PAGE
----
Jeffrey Deskovic Makes Us Proud
The Journal News
A Journal News Editorial
The next chapter in an amazing journey from victim of injustice to fighter for justice
Pace University’s Elisabeth Haub School of Law in White Plains started classes Monday. Among its first-year law students: Jeffrey Deskovic, who was locked away at age 17 for a heinous crime that he didn’t commit; who was finally set free after 16 years; who has devoted his time, energy and money to help other innocents earn exoneration.
It has been an amazing journey for Deskovic, who was convicted in the 1989 rape and murder of a Peekskill High School classmate, and then exonerated in 2006 with the help of DNA evidence. His case was a study not only in coercion, but also cold-blooded neglect.
Now Deskovic, who hadn’t even had a chance to graduate high school before he was locked away, is on a path to gain the legal knowledge, and credentials, to further help others whose lives were destroyed by wrongful convictions.
His first day went well. "I knew about 90 percent" of what was reviewed in class. But, he added: "It's early."
Deskovic already earned his bachelor’s and master’s degrees. He formed The Jeffrey Deskovic Foundation for Justice, which assists the wrongly convicted at various points, including advocating for their cases to be reopened, and helping exonerated people reintegrate into society. The foundation also advocates for protocols and legislative changes to ensure integrity in the criminal justice system. Deskovic has written extensively, and lectured, about his case and similar injustices.
Pace Law School Prof. Bennett Gershman has known Deskovic for years and championed Deskovic’s acceptance into Pace’s program. “He’s so passionate,” Gershman said Monday. “There’s just no way you could turn him down.”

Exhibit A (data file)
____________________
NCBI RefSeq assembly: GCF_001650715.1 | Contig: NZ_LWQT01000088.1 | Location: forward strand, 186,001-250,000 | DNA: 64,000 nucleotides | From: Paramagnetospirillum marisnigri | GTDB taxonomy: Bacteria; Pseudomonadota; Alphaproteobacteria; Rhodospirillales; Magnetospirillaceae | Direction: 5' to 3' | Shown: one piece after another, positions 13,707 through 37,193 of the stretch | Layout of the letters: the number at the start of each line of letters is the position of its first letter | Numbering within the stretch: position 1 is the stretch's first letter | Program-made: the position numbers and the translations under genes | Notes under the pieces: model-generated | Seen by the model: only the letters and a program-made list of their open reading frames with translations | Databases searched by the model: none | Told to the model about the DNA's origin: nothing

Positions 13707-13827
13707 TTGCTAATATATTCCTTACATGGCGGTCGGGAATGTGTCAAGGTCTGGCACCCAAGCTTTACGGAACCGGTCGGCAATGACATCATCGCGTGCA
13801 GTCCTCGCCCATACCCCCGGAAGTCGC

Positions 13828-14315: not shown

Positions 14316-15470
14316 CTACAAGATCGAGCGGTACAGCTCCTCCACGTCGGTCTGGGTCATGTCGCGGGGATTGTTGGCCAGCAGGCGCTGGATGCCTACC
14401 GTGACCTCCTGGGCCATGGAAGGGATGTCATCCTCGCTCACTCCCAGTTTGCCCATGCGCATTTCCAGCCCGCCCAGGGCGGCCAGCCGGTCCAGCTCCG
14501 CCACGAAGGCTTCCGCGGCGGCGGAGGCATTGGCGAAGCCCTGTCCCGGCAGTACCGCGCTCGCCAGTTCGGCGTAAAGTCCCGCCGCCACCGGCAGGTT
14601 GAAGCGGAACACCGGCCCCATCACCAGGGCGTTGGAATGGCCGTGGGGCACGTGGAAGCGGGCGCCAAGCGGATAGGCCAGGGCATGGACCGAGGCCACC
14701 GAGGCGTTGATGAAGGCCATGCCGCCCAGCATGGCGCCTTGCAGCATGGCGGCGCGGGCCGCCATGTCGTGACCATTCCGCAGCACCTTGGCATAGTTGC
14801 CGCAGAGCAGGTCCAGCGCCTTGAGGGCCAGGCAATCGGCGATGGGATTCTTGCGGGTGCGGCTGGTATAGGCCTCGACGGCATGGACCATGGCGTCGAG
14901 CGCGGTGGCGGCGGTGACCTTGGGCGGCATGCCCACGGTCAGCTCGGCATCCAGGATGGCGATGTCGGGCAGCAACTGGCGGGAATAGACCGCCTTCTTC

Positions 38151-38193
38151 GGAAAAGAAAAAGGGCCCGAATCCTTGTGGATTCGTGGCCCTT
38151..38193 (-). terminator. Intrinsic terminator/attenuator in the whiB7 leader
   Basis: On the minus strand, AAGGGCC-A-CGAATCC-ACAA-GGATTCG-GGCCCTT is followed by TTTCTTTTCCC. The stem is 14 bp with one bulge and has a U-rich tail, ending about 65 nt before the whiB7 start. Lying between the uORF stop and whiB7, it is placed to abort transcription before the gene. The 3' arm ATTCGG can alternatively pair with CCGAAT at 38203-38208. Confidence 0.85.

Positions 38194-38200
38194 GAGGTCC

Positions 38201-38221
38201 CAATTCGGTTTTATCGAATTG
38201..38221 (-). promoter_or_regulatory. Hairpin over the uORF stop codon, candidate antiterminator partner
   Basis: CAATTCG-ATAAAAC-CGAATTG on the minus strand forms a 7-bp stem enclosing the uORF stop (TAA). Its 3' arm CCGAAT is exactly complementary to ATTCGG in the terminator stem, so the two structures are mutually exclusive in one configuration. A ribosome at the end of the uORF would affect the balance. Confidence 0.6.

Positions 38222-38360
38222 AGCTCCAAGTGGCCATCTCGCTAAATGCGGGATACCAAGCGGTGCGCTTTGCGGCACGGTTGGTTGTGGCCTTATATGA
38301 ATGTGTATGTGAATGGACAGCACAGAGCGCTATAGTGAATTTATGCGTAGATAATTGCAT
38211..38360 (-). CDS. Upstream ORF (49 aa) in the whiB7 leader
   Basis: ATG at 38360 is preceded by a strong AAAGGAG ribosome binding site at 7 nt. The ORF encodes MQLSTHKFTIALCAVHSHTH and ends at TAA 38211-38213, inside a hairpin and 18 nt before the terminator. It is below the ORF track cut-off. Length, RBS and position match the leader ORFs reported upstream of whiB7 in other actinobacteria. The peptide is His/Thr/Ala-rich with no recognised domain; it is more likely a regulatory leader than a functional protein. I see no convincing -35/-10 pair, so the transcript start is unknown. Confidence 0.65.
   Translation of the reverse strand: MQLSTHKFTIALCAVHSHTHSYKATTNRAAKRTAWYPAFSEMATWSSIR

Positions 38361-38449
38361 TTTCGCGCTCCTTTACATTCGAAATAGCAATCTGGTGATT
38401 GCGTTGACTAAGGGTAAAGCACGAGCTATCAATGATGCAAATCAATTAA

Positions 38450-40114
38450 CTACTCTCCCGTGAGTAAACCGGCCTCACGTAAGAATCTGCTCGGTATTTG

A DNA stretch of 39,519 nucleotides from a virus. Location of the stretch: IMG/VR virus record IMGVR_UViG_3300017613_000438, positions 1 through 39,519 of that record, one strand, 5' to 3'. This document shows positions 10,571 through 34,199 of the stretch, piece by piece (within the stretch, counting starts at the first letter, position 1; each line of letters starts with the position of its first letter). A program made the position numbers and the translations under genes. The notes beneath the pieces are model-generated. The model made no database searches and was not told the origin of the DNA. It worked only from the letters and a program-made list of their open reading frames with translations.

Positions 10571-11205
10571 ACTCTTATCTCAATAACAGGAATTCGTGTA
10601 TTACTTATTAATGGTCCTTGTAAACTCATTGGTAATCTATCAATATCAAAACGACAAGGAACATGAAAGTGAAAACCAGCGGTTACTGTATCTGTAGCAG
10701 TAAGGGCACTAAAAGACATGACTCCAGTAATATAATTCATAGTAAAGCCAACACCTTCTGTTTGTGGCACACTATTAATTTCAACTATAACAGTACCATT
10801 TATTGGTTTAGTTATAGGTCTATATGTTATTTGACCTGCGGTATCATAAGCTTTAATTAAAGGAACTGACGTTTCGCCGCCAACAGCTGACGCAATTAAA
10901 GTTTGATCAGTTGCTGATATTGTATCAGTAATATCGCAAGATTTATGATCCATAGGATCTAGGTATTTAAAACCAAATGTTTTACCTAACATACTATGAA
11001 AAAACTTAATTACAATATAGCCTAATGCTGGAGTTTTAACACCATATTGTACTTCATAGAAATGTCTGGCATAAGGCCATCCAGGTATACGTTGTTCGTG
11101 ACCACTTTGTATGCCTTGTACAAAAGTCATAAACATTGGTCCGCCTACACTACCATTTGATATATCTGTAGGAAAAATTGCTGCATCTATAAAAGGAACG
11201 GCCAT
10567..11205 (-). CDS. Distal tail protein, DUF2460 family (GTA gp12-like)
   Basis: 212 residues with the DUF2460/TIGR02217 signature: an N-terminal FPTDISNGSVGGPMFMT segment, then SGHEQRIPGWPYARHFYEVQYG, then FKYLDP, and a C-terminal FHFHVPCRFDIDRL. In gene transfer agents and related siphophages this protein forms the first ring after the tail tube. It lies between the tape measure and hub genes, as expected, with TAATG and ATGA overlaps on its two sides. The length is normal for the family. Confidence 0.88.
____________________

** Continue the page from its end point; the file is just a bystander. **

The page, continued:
After all the law did to Deskovic — evidence fabricated at his trial, a coerced false confession, the twisting of clear DNA evidence that should have cleared him — he still hopes to use the law to help others right wrongs done against them.
"I want to be able to take on some clients through the foundation personally," Deskovic said Monday. "I want to be the attorney of record." Deskovic says he wants to use the extra credential of a J.D. as he advocates for policies that would prevent wrongful convictions.
“He wants to become a lawyer? How can you not give him a chance? How you can turn away somebody like this who has persevered?” Gershman said. “I’m just so proud of him and what he’s done.”
Pace University's White Plains location holds sentimental value, Deskovic, 42, said. It's nine blocks from the County Court; that's where he was convicted as a teen, and the place he walked out of, a free man, after he was exonerated.
He also said he was glad Pace "took a chance on me."
We are, too. Good luck Jeff. The world of American jurisprudence is lucky to have you